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Well-Posedness for General \(2\times 2\) Systems of Conservation Laws
Fabio Ancona, University of Bologna, Italy, and Andrea Marson, University of Padova, Italy
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Memoirs of the American Mathematical Society
2004; 170 pp; softcover
Volume: 169
ISBN-10: 0-8218-3435-5
ISBN-13: 978-0-8218-3435-0
List Price: US$67
Individual Members: US$40.20
Institutional Members: US$53.60
Order Code: MEMO/169/801
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We consider the Cauchy problem for a strictly hyperbolic \(2\times 2\) system of conservation laws in one space dimension \(u_t+[F(u)]_x=0, u(0,x)=\bar u(x),\) which is neither linearly degenerate nor genuinely non-linear. We make the following assumption on the characteristic fields. If \(r_i(u), \ i=1,2,\) denotes the \(i\)-th right eigenvector of \(DF(u)\) and \(\lambda_i(u)\) the corresponding eigenvalue, then the set \(\{u : \nabla \lambda_i \cdot r_i (u) = 0\}\) is a smooth curve in the \(u\)-plane that is transversal to the vector field \(r_i(u)\).

Systems of conservation laws that fulfill such assumptions arise in studying elastodynamics or rigid heat conductors at low temperature.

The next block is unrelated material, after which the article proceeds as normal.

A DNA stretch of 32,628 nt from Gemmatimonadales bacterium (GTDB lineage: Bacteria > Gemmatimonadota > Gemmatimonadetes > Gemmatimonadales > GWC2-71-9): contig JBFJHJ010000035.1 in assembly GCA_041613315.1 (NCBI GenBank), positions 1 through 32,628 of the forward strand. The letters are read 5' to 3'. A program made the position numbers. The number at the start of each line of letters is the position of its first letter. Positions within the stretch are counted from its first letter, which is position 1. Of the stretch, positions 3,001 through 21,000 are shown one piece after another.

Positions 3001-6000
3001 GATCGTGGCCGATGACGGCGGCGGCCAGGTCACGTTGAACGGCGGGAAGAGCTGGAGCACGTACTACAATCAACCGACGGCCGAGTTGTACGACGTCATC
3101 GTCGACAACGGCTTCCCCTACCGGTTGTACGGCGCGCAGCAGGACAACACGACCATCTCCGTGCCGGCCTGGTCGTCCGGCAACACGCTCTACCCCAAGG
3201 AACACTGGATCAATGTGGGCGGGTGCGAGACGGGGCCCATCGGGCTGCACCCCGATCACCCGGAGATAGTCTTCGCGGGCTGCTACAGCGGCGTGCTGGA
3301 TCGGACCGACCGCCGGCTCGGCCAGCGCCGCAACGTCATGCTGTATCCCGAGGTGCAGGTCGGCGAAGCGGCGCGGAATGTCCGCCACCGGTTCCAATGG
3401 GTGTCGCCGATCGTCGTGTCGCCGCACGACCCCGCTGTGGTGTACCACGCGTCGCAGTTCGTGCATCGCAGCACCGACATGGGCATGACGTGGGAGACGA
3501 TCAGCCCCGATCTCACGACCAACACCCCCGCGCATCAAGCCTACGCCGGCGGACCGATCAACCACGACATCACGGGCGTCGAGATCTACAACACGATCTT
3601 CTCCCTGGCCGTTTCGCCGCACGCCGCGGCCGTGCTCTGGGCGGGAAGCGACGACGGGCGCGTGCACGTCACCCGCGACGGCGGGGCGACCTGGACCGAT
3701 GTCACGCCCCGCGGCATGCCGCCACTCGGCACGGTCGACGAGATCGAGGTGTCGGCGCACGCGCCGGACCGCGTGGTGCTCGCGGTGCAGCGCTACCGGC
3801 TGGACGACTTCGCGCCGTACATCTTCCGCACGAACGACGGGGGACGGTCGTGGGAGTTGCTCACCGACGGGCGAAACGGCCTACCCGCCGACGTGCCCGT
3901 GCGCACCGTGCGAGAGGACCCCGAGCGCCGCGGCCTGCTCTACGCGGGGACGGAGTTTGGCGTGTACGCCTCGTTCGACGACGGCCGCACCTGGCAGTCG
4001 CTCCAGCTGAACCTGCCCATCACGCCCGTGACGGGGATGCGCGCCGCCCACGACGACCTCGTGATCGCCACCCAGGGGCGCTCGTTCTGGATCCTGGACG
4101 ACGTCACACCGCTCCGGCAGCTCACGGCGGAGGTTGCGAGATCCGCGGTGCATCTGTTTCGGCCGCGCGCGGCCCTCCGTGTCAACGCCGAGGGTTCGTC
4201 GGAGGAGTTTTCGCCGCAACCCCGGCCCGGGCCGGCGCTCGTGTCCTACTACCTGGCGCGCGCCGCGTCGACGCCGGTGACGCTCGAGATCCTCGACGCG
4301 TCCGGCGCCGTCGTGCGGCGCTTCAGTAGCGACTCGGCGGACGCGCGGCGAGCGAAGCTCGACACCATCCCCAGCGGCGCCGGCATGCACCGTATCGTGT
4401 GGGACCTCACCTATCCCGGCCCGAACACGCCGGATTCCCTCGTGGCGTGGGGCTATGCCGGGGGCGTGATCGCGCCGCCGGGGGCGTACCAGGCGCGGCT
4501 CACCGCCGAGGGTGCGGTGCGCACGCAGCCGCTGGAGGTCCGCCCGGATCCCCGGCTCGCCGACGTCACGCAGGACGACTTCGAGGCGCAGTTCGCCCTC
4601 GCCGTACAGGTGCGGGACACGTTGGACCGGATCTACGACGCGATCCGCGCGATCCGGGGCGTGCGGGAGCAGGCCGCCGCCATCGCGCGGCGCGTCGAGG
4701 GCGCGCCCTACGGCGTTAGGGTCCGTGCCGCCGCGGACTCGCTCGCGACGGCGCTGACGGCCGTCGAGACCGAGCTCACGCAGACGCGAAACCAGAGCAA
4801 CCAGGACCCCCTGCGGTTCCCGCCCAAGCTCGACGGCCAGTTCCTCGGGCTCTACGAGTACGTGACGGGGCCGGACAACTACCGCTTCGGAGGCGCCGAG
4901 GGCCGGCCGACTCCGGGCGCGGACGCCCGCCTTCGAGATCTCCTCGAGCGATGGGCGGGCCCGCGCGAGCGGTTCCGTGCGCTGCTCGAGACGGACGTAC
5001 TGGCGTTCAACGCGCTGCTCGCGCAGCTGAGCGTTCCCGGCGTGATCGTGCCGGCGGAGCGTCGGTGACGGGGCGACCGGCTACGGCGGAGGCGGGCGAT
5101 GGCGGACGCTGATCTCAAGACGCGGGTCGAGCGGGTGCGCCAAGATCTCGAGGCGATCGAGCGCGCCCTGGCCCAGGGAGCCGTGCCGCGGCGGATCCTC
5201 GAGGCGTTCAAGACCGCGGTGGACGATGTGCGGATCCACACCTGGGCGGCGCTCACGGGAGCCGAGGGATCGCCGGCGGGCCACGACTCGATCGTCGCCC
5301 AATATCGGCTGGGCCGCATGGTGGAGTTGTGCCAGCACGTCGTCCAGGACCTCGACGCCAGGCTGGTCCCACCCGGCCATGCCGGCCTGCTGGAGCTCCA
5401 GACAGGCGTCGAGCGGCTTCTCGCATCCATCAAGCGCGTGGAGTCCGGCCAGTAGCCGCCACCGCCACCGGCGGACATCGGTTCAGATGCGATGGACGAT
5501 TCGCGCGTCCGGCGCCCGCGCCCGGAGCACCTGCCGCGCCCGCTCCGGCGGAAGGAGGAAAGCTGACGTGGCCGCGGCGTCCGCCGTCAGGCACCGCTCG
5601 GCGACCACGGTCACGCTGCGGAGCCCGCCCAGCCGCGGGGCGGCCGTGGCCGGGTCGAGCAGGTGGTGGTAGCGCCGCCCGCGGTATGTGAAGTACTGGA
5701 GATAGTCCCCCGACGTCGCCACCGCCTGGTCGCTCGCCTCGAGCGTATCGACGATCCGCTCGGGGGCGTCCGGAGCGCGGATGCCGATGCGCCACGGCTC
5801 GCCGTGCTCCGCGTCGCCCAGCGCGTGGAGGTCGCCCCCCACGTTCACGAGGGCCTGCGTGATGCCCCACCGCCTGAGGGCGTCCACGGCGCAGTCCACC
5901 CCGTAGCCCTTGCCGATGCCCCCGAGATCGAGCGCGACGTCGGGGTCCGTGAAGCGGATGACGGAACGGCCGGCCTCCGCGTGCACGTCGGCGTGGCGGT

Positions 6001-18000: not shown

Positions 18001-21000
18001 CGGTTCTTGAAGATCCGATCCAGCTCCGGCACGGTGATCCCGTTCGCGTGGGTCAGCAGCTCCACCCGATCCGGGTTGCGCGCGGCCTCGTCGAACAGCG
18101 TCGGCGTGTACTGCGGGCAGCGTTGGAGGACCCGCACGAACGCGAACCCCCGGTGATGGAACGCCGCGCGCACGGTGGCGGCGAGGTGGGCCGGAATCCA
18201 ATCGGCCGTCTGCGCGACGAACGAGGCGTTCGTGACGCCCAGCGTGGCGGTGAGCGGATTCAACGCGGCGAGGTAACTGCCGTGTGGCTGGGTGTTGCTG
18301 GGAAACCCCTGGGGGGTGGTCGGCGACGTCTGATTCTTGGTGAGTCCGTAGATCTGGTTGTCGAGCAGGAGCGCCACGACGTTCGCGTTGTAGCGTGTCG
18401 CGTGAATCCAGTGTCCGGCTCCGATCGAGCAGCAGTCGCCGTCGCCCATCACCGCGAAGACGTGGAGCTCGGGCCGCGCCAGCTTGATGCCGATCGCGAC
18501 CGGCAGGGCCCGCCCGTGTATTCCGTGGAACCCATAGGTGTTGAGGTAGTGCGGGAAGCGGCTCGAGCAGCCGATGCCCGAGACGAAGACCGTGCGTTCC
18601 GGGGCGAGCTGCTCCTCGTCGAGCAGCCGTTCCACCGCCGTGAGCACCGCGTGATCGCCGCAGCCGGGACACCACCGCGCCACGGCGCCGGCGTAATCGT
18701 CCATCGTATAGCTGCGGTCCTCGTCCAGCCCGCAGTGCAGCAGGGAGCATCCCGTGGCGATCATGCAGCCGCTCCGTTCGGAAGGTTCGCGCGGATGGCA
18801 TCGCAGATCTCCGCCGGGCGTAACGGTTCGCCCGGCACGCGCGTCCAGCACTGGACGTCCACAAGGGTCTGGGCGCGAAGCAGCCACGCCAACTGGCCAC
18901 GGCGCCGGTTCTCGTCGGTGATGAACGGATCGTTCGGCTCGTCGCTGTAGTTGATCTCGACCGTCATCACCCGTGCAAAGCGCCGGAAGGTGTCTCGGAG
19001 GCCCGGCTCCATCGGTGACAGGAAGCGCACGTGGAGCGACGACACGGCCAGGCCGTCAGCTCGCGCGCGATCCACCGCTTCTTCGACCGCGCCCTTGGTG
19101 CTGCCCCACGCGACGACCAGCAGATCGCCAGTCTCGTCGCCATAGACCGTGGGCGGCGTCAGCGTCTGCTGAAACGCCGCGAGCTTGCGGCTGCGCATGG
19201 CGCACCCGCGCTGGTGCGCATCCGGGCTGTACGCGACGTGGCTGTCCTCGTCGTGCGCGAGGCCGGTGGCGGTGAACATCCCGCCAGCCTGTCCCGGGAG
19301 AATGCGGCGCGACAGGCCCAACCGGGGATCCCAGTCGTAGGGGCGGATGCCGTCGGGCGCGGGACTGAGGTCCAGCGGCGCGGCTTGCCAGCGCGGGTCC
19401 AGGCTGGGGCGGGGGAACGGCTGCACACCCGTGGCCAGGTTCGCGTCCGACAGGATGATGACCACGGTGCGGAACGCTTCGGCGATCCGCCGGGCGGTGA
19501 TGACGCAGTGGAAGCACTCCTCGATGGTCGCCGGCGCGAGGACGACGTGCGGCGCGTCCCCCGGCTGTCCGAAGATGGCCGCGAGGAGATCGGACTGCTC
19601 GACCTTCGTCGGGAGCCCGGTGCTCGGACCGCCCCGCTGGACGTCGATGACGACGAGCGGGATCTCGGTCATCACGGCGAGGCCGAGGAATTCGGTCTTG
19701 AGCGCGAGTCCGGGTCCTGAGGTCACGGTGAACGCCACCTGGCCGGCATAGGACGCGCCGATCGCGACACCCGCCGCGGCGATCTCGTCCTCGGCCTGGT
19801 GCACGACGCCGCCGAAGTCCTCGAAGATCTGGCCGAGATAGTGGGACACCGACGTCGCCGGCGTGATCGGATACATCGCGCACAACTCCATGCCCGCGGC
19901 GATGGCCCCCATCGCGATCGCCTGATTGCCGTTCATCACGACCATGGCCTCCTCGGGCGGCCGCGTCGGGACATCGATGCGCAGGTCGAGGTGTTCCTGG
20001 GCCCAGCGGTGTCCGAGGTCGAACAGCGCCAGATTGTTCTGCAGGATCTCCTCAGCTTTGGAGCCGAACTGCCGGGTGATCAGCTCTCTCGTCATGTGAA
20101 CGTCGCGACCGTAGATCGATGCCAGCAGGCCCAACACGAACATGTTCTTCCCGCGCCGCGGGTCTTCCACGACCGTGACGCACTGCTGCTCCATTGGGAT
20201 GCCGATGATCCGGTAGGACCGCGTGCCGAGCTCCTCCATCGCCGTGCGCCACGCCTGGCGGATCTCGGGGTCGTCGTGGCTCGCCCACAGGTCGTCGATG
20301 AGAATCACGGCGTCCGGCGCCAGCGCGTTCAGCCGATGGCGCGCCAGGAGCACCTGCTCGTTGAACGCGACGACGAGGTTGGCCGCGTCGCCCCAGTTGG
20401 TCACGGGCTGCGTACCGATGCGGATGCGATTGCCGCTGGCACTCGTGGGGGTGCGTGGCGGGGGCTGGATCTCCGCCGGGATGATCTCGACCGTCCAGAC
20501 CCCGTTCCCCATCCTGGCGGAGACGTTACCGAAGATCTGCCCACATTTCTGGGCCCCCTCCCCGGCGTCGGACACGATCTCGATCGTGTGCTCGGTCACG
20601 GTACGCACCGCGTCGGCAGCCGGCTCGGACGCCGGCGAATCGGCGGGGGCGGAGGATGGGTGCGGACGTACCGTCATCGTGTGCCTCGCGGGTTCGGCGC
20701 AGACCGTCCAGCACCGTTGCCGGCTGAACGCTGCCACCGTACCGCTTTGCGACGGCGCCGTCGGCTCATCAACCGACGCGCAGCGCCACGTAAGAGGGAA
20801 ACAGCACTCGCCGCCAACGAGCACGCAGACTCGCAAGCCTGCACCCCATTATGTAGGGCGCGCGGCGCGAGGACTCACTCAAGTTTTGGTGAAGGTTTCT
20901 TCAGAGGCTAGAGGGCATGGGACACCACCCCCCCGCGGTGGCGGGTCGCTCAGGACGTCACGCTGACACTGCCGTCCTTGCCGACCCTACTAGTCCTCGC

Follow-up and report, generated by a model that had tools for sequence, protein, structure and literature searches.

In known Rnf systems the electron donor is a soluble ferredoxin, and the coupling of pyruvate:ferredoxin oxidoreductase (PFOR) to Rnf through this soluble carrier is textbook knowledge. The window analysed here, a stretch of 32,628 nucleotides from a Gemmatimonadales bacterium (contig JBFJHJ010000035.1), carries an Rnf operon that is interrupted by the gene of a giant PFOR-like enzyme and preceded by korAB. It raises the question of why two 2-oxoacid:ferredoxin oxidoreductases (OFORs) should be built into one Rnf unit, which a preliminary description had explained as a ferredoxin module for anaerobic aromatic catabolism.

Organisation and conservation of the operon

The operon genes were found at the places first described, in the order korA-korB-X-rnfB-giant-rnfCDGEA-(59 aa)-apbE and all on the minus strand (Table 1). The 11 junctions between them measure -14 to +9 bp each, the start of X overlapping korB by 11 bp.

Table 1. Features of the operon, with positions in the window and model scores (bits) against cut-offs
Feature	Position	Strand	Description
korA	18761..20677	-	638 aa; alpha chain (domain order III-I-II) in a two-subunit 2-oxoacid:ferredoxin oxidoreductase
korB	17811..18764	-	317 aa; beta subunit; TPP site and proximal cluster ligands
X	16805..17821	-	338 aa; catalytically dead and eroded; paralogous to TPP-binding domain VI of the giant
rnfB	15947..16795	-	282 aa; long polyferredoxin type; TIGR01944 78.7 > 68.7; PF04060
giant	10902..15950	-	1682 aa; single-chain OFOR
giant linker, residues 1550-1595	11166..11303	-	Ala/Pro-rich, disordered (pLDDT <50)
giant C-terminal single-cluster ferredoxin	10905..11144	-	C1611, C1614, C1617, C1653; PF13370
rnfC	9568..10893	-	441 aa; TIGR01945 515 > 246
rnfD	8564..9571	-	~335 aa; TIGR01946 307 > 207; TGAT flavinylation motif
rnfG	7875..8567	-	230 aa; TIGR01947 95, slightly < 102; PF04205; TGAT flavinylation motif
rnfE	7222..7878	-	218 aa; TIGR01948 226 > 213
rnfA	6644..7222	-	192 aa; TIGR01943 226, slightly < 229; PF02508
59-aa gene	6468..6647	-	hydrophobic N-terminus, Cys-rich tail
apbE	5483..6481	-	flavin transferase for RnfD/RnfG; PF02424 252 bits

For such systems we prove the existence of a closed domain \(\mathcal{D} \subset L^1,\) containing all functions with sufficiently small total variation, and of a uniformly Lipschitz continuous semigroup \(S:\mathcal{D} \times [0,+\infty)\rightarrow \mathcal{D}\) with the following properties. Each trajectory \(t \mapsto S_t \bar u\) of \(S\) is a weak solution of (1). Vice versa, if a piecewise Lipschitz, entropic solution \(u= u(t,x)\) of (1) exists for \(t \in [0,T],\) then it coincides with the trajectory of \(S\), i.e. \(u(t,\cdot) = S_t \bar u.\)

This result yields the uniqueness and continuous dependence of weak, entropy-admissible solutions of the Cauchy problem (1) with small initial data, for systems satisfying the above assumption.

Readership

Graduate students and research mathematicians interested in partial differential equations.

Table of Contents

  • Introduction
  • Preliminaries
  • Outline of the proof
  • The algorithm
  • Basic interaction estimates
  • Bounds on the total variation and on the interaction potential
  • Estimates on the number of discontinuities
  • Estimates on shift differentials
  • Completion of the proof
  • Conclusion
  • Bibliography
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